Monday, September 7, 2009

For the Stick, It Should've Been Automatic

We ate dinner last night at a Red Lobster in Long Branch, NJ. I had parked the car in the only available space in the main lot: at the end of a row, where stood some large bushes on the adjacent curb. Several of the bushes' branches protruded to within about a foot of the car. Upon returning to the car after our meal, I discovered a four-inch-long stick insect perched motionless on the driver's-side window.

Over aeons, stick insects have, of course, evolved as masters of camouflage. Most species' primary defense is to look so much like a twig that hungry predators never detect them. Obviously, it's worked well for millions of years.

Needless to say, I was surprised to find a stick insect on the car window—a surface that offers no visual protection and fully exposes such a large insect to both predator and perturbed human. Now, I have respect for life and gently shooed the creature off the window. But many people—especially after the adrenalin rush of cracking open a crustacean—would have reacted harshly and swatted, slammed, or squashed the stick insect to death. Frankly, the stick insect's behavior belied its reputation for cleverness, and it was lucky to have survived such a stupid decision.

In all fairness, a stick insect possesses a brain of, maybe, half a nanogram—but such foolish behavior should be an instinctual no-no. Like opening an umbrella stand in the middle of the's something you just don't do. So even though they have carved out a highly successful ecological niche across the ages, it's no wonder that stick insects have failed to evolve beyond their twiggy exoskeleton: they're simply not that bright. According to fossil records, stick insects have been around for at least 23 million years, so you'd figure that, following the normal pattern of evolution, they would have made something of themselves and, by now, at least resemble trees...or have even progressed toward something of higher intelligence—I daresay, perhaps even a bipedal form. I'm no genetic entomologist, but a simple change of diet from leaves to meat would have—as in early humans—enlarged their microscopic brain and put stick insects on a much more rewarding evolutionary course. Even noshing on a katydid once in a while could have made all the difference. Is biophysiological improvement so unpalatable? Instead of being stuck as the pansies of the bug world—playing dead or remaining perfectly still whenever a predator enters the neighborhood—stick insects perhaps could now be our evolutionary counterpart:Although this theory* has met with criticism ranging from "That's impossible" to "Stop calling, you idiot!" we've all seen what a switch to a protein-rich meat diet did for Robert DeNiro in Raging Bull. You don't get the Oscar for Best Actor by eating privet leaves.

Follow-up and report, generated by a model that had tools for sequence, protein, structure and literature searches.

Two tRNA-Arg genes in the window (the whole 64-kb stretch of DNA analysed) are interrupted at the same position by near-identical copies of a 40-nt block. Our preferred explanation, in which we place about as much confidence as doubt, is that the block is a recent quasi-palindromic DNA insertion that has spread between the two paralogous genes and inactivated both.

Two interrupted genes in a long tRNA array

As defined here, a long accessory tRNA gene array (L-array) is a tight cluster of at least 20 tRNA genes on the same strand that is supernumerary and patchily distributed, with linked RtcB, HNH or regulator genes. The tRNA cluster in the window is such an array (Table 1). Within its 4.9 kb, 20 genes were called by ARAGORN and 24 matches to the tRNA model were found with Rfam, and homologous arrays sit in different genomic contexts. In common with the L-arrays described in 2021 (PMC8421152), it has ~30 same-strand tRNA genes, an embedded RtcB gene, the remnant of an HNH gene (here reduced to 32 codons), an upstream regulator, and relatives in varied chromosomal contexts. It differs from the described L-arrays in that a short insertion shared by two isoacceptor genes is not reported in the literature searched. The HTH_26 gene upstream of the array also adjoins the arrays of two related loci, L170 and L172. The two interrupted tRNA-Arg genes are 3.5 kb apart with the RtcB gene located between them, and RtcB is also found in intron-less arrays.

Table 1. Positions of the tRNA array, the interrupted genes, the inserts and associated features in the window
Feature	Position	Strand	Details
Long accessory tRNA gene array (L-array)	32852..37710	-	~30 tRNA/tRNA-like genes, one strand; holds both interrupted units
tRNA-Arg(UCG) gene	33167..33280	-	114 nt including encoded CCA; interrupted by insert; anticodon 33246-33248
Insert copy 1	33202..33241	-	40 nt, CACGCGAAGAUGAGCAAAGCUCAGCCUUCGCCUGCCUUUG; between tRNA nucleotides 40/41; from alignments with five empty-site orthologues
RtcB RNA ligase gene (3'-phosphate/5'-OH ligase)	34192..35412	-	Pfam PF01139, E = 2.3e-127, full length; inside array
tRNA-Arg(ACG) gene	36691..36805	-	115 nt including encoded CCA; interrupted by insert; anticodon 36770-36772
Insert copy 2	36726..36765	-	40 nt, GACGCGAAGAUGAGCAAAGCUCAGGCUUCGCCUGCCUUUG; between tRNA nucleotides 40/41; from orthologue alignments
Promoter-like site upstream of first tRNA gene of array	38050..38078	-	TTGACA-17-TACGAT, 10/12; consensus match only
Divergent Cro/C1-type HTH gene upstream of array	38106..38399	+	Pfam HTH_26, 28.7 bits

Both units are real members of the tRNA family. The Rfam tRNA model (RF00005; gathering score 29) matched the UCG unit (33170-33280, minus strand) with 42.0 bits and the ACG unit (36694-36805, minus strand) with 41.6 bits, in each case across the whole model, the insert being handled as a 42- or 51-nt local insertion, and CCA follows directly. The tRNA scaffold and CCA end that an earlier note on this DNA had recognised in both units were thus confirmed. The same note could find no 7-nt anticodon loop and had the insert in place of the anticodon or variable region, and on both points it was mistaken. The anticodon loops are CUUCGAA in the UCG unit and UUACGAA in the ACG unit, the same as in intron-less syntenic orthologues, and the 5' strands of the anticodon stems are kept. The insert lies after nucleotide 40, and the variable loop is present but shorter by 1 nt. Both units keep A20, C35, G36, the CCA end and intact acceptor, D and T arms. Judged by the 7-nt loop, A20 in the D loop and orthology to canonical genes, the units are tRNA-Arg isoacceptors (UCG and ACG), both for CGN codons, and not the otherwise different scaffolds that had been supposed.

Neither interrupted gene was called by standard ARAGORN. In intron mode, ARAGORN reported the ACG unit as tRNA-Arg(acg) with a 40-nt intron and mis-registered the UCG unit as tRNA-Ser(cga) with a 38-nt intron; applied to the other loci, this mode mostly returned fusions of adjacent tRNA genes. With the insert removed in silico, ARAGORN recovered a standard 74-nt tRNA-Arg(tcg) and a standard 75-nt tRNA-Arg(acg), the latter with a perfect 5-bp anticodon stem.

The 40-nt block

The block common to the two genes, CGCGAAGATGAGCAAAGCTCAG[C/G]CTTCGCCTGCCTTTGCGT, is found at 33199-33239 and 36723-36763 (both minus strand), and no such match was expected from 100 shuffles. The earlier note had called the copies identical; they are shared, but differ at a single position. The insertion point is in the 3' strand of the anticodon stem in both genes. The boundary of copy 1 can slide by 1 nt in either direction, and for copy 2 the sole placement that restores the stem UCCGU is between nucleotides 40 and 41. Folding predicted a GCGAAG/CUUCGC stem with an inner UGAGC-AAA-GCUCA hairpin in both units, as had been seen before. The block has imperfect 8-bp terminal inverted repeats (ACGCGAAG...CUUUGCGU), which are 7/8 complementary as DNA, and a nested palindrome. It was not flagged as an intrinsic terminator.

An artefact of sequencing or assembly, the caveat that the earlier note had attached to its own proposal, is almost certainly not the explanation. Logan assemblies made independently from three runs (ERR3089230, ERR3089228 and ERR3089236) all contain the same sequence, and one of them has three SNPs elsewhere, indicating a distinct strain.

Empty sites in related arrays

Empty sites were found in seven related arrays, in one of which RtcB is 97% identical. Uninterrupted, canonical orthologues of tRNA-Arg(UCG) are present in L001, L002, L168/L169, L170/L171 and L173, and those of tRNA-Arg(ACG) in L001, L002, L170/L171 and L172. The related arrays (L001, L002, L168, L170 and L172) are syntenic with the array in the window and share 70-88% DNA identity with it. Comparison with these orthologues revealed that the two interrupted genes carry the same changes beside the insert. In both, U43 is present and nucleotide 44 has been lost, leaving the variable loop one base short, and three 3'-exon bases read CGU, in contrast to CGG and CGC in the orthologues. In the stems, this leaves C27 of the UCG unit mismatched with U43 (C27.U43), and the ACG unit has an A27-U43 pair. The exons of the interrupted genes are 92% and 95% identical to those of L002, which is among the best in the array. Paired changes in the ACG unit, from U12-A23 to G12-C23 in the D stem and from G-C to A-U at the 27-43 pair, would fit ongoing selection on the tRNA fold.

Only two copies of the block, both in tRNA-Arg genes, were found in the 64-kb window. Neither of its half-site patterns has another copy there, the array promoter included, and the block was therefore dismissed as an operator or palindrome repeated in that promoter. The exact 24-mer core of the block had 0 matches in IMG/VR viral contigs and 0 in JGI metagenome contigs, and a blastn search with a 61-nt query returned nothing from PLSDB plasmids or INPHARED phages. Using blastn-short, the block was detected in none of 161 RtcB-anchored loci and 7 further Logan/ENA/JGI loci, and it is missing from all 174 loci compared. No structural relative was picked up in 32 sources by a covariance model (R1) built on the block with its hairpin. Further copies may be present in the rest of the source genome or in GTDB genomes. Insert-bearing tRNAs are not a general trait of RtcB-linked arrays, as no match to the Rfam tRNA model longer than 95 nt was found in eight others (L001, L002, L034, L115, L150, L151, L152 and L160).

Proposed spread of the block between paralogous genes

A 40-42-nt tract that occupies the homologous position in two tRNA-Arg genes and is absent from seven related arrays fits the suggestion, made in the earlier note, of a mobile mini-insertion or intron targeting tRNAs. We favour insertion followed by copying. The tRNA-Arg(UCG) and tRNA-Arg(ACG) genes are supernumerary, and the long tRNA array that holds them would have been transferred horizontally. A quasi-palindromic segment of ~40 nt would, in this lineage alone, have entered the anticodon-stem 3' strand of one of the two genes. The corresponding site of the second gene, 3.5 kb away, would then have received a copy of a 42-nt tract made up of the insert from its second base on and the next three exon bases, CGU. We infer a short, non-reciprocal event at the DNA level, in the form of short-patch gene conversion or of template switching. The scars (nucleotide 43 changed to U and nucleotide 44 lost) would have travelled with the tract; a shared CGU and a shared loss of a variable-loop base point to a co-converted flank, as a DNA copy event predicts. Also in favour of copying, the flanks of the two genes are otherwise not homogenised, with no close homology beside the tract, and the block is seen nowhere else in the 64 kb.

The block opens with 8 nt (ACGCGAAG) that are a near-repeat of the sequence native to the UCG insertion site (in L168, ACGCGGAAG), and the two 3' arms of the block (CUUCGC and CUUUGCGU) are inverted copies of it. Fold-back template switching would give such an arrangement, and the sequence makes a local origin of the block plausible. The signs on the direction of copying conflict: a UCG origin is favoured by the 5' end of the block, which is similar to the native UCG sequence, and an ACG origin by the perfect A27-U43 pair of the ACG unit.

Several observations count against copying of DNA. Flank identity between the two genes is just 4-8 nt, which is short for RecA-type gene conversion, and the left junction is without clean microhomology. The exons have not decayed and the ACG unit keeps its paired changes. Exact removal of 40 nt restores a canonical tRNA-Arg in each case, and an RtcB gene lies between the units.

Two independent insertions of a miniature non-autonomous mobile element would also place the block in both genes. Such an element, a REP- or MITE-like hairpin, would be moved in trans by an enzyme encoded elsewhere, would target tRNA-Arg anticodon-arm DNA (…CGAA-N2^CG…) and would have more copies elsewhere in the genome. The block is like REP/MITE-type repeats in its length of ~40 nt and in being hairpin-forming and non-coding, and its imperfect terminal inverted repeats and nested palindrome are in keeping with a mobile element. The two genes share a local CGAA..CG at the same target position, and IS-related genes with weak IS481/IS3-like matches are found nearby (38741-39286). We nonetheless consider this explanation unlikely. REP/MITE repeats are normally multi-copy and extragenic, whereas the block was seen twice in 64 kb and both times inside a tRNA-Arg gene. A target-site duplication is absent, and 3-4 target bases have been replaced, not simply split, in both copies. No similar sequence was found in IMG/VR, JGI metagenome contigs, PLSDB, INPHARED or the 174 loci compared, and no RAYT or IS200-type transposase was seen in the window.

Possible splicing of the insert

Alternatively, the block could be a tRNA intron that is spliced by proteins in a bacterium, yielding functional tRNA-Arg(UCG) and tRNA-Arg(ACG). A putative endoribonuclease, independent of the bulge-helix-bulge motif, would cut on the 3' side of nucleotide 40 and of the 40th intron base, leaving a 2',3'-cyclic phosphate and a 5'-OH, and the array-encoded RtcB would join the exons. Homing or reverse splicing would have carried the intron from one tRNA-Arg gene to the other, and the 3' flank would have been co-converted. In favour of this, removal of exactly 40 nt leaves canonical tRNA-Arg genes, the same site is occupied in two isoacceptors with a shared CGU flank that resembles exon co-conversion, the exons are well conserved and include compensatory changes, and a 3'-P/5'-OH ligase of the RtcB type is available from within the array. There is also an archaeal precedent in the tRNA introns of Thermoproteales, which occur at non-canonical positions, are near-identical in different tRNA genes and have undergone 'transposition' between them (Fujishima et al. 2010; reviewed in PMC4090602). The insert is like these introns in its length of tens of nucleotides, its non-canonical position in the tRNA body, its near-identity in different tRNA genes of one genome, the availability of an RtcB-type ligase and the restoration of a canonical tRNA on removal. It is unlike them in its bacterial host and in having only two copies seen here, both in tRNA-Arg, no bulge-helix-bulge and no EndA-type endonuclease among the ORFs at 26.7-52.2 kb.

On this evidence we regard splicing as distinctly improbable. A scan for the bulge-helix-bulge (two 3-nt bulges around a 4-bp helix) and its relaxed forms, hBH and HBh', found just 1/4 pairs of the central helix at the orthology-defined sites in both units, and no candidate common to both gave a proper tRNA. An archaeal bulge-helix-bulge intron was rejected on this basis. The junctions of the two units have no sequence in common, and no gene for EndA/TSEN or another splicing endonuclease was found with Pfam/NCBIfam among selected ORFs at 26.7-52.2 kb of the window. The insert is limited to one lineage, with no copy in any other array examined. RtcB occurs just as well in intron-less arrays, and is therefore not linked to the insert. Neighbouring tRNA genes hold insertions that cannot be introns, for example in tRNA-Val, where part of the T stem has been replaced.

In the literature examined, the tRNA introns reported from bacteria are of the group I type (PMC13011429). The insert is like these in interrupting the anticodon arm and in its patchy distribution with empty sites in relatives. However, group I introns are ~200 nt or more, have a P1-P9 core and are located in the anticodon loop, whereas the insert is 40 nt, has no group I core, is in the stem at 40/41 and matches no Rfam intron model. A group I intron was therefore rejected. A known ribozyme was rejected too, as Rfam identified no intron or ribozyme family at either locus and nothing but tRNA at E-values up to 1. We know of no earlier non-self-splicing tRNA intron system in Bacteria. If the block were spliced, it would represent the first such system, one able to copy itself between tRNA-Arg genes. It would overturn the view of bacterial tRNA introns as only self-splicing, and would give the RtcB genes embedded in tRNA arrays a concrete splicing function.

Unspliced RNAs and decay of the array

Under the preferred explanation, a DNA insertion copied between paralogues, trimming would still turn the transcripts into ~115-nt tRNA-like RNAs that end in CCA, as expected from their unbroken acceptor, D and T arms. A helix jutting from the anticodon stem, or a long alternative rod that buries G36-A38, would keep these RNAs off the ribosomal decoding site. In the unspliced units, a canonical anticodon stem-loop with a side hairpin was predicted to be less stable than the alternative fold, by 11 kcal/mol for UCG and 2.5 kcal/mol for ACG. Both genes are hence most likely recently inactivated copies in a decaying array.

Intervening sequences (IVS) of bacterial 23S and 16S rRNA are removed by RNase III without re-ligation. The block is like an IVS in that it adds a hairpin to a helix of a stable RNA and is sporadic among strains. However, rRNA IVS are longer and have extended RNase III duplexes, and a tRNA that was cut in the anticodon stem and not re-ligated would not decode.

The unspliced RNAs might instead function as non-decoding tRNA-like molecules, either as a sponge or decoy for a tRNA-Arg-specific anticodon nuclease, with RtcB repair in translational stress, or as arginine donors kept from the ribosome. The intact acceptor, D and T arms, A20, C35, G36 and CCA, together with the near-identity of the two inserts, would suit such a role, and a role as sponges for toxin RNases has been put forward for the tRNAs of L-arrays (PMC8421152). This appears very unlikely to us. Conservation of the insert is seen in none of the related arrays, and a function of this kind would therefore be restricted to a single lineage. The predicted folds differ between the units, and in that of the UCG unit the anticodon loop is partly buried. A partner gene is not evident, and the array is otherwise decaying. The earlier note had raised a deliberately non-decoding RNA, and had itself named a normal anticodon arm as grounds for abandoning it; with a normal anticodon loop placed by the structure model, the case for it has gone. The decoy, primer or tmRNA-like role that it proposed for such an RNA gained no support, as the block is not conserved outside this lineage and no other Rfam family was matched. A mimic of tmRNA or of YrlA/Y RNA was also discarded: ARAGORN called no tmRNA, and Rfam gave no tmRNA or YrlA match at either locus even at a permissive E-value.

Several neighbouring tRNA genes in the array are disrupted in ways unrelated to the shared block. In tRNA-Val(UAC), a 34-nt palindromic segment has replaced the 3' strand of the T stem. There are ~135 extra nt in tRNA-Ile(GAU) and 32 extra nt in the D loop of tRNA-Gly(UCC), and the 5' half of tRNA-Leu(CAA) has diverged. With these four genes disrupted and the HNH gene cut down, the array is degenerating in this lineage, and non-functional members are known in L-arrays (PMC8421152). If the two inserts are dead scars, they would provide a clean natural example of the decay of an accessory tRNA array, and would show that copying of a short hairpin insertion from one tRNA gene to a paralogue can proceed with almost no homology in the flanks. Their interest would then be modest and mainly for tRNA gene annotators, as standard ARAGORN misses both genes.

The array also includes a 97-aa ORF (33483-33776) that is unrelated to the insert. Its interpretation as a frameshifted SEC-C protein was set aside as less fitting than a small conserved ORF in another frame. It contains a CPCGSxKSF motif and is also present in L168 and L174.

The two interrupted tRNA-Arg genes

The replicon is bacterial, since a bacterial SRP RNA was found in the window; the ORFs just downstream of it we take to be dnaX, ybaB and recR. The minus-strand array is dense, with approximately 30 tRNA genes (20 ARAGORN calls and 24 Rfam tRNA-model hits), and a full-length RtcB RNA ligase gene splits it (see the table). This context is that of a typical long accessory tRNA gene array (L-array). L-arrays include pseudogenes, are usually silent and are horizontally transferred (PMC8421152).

*For a detailed analysis of this theory, see Why the Steak at Red Lobster Is Pretty Good and Other Thoughts: A Text Message to the Corporate Office (personal communication; September 6, 2009).

But that's not all for the animal kingdom.

I further posit that the llama—long believed South American in origin—in fact migrated to South America from Wales. My proof? Did you ever look at a map of Wales? The double-l—so characteristic of the llama—is found all over the Welsh nation: Llandrindod Wells, Llangollen, Llandovery, Llangefni, and at least 267 other towns and villages. True, the digraph ll as the first two letters of a word or place-name is also charateristic of Spanish and several of Spain's regional dialects, and a multitude of villages beginning with Ll are found throughout South America, but Spanish and related dialects have only been spoken in South America since the arrival of the Conquistadors, whereas the llama has been roaming South America for several million years.

So how did the llama migrate from Wales to South America? Similar to Beringia, a land bridge between Wales and the east coast of South America may have existed during ice ages, when sea levels dropped dramatically. Admittedly, my calculations show that for the extreme distance between Wales and South America to have been exposed, the Atlantic Ocean would have had to dissipate to the volume of a half-gallon container of Deer Park, but I may just be remembering the tables of measures incorrectly.

Further supporting this claim is the not-insignificant fact that Episode 9 of Monty Python's Flying Circus begins with "The Llama Sketch," in which John Cleese sings (in Spanish) about the virtues of the llama, backed by Eric Idle and Terry Jones. Terry Jones (on right) is from Colwyn Bay, Wales. That the three Pythons are singing in Spanish about the llama may be irony far over the heads of anyone not in the know.

And if that weren't enough evidence, the final twenty seconds of the opening credits of Monty Python and the Holy Grail (which were completed in an entirely different style at great expense and at the last minute) are replete with llama references. The Holy Grail was directed by the Welshman Terry Jones, and since he had final say in the content of those llama-laden credits, I can only surmise that Jones has a strong affinity for the animal that is ostensibly native to his land.

In phase II of these studies, empirical data will be collected from my couch with the aid of a six of Buckleys Best Bitter.

Future anthropological topics on Mount Drinkmore may include the cantaloupe's evolution to the antelope as well as a review of back pain in invertebrates.

(Second photo of stick insect copyright National Geographic Society; photo of llama copyright National Picture Library; photo of "The Llama Sketch" copyright Python (Monty) Pictures.)

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